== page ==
Dyfi ospreys' £1.4m observatory opens to the public

Observatory at Cors Dyfi The purpose-built observatory provides panoramic views of the Dyfi Valley

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A two-storey wildlife observatory at the home of one of only two known pairs of breeding ospreys in Wales has been officially opened.

The round wooden structure has been built at the Cors Dyfi nature reserve near Machynlleth, Powys, with help of nearly £1.4m worth of grants.

The first osprey chick in the Dyfi valley for 400 years hatched in 2011.

The site's breeding pair of Ospreys, Monty and Glesni, returned to their nesting ground from Africa in April.

The pair bred two chicks, Cerist and Clarach, last year.

They have bred again this spring and two eggs are expected to hatch next month.

'Higher level'

Montgomeryshire Wildlife Trust's Dyfi Osprey Project attracted 31,000 visitors last year.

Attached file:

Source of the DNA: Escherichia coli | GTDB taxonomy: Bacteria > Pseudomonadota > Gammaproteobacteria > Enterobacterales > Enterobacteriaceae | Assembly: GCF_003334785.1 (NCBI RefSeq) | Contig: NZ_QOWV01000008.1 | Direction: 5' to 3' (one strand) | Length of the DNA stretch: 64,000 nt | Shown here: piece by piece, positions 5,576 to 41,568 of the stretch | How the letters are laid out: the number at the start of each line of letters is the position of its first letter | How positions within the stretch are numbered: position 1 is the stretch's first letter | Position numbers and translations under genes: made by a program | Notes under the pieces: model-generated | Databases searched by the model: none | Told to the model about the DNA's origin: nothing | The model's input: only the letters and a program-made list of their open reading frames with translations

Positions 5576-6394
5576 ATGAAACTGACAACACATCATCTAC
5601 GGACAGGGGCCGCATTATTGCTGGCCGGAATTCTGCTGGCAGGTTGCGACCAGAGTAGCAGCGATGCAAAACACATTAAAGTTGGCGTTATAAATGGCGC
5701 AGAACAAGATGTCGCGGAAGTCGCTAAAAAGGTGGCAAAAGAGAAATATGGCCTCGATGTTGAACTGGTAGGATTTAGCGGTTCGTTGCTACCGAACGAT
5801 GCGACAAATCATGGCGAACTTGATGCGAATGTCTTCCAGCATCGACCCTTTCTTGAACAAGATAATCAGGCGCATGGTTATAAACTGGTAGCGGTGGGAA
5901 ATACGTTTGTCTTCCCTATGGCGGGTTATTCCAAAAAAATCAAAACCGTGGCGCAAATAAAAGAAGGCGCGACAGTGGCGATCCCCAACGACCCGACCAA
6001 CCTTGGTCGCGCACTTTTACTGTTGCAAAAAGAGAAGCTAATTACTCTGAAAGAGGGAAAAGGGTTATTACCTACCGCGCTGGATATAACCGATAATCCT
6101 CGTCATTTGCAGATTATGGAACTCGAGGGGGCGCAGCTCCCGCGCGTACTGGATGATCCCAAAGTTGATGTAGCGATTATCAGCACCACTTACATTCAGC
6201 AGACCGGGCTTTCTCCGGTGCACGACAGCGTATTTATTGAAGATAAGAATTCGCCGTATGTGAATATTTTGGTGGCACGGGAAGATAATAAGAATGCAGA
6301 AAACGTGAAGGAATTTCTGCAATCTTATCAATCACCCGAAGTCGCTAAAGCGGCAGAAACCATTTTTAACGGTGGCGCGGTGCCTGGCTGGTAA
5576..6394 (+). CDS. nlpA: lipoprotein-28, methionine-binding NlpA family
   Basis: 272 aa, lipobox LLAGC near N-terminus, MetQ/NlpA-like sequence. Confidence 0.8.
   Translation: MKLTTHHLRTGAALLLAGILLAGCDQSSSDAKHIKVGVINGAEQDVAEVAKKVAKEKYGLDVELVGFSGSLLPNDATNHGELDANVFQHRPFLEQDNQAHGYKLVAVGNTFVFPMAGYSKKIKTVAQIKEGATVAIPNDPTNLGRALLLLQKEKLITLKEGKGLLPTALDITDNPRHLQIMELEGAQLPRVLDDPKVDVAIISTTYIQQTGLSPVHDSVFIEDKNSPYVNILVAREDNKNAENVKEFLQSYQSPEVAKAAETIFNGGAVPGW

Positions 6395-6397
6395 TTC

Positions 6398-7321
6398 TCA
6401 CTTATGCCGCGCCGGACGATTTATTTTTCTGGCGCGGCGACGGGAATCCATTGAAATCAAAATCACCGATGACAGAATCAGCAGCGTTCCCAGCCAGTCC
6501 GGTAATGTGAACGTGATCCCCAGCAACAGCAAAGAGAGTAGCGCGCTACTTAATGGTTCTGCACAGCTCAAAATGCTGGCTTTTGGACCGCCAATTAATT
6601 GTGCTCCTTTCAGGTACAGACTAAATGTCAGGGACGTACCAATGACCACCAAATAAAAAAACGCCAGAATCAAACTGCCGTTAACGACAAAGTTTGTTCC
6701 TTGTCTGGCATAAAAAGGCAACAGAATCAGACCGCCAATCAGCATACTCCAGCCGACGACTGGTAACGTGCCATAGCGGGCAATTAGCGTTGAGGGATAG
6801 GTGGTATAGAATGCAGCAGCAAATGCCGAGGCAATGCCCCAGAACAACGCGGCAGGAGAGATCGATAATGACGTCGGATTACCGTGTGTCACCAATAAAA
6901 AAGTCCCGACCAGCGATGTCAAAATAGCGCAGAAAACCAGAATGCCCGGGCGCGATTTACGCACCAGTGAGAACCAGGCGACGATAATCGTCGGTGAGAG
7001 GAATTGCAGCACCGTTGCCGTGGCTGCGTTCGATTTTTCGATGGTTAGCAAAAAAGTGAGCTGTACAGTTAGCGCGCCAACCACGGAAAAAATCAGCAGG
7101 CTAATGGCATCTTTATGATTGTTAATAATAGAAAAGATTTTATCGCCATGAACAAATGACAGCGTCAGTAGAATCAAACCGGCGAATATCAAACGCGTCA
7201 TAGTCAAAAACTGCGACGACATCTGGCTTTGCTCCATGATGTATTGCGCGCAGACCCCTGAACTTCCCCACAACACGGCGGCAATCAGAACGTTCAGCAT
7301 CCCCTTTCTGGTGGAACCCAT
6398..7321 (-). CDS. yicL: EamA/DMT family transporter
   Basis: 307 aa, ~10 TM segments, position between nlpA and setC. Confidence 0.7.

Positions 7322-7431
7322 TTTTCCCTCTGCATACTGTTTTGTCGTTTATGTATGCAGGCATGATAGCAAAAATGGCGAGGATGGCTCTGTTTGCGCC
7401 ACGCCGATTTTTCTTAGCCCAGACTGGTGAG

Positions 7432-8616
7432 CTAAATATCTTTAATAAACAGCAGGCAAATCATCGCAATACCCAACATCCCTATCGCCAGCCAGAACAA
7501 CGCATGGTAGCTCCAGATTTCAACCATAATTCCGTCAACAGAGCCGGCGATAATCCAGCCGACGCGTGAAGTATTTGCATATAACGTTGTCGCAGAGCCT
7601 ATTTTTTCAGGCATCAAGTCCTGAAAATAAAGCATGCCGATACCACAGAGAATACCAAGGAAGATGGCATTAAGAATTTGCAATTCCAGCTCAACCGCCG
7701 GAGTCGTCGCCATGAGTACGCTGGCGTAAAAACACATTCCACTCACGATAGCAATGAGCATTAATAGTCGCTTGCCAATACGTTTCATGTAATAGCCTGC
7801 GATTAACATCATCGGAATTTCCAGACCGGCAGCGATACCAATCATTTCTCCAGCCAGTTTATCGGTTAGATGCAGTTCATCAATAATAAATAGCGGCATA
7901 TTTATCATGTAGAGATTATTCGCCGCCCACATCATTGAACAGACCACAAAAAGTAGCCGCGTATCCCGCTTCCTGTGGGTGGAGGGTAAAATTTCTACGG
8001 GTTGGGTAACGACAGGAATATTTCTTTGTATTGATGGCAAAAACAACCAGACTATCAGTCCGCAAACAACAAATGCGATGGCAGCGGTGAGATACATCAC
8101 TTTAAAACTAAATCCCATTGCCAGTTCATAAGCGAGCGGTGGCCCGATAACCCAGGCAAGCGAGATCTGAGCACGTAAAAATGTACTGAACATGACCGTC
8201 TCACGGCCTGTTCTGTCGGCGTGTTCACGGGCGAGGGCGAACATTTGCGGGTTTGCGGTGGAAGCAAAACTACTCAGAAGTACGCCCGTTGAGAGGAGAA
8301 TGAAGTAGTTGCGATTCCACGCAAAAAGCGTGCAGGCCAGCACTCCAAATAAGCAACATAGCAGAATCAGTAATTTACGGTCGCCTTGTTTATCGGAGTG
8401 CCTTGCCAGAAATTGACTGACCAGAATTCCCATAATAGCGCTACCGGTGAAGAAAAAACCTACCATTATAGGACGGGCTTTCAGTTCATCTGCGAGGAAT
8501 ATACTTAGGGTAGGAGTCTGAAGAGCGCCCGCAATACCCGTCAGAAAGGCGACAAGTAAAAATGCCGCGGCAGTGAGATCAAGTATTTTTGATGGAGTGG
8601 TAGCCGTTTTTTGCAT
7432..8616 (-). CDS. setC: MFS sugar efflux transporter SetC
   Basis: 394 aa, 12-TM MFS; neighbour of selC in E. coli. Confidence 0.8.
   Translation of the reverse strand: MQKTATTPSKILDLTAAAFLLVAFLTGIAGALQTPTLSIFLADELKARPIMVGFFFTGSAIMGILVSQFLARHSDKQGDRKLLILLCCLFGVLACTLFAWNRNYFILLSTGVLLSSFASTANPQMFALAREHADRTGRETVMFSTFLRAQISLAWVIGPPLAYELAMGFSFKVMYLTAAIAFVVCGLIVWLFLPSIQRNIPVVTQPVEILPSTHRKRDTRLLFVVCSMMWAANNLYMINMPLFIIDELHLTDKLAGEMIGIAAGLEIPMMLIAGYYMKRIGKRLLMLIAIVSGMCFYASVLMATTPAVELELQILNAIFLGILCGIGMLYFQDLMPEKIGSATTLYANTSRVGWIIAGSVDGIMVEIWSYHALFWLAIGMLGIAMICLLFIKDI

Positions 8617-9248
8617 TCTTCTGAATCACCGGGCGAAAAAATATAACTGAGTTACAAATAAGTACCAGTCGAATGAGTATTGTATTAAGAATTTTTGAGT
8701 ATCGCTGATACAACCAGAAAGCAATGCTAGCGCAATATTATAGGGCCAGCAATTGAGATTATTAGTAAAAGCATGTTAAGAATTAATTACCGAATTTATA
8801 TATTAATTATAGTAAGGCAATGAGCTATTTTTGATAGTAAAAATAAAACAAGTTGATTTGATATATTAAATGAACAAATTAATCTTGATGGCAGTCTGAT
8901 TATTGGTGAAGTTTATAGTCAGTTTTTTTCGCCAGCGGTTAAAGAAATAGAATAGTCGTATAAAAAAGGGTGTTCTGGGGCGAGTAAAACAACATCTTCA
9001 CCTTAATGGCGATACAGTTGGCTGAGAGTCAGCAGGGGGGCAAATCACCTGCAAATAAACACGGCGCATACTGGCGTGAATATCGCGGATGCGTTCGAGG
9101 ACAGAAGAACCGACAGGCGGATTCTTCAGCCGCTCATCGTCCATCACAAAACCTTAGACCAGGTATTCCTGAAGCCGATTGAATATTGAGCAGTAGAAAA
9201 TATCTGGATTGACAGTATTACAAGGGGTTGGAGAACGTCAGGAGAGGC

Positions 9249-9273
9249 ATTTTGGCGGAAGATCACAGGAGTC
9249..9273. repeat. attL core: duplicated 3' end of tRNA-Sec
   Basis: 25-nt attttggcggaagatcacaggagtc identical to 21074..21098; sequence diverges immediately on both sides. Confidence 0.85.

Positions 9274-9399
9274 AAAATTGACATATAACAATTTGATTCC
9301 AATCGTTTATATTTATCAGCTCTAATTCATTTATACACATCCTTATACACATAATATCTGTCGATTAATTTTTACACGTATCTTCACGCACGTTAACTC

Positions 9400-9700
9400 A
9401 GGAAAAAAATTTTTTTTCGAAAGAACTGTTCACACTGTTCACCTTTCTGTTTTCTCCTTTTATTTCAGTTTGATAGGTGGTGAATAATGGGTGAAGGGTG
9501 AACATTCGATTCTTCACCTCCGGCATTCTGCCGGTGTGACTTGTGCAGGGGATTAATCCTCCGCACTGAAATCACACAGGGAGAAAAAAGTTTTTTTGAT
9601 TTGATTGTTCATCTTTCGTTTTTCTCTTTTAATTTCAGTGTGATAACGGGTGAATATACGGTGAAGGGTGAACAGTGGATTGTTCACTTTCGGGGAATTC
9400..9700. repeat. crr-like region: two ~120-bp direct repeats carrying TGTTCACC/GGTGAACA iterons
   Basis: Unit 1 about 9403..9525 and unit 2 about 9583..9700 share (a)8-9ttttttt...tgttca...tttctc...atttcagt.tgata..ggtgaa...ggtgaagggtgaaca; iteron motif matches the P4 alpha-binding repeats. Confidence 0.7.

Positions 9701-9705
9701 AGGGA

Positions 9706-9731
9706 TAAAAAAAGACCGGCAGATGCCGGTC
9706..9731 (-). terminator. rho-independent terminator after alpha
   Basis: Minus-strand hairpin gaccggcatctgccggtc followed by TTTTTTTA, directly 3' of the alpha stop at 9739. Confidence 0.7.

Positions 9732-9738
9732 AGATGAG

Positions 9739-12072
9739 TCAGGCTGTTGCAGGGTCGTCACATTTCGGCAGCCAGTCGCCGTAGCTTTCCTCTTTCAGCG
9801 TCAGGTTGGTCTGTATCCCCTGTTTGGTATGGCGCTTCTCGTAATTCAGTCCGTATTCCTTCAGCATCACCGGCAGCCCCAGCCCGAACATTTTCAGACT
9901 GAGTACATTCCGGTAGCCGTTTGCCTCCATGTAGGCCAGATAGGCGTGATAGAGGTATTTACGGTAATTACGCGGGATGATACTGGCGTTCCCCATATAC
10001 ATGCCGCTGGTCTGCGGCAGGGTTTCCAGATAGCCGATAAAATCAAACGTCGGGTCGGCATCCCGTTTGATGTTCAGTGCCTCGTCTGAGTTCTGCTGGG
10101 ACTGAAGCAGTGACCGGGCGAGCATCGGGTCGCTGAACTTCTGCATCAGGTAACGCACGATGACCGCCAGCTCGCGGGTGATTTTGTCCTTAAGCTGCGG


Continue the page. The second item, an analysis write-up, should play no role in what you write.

The trust claims the new vantage point - which has three viewing levels - gives visitors the opportunity to experience the Dyfi ecosystem from a new perspective.

Glesni (left) and Monty (right) on the ash tree perch The ospreys use a perch to watch their nest

From the upper viewing level, 10m (33ft) above the bog below, the building provides a full 360 degree panoramic view of the Dyfi Valley with the Plynlimon Mountains and Snowdonia National Park beyond.

Project Manager, Emyr Evans said: "It takes forward our vision of enhancing people's relationship with nature and learning about the natural world around us.

"We are lucky to have so much richness and diversity of wildlife in our small part of mid Wales.

"From kites to ospreys, from dormice to otters and marsh violets to bog myrtle.

"The 360 Observatory takes wildlife watching and learning to a higher level, quite literally."

Kim Williams, from the Montgomeryshire Wildlife Trust says the observatory offers 'incredible views'

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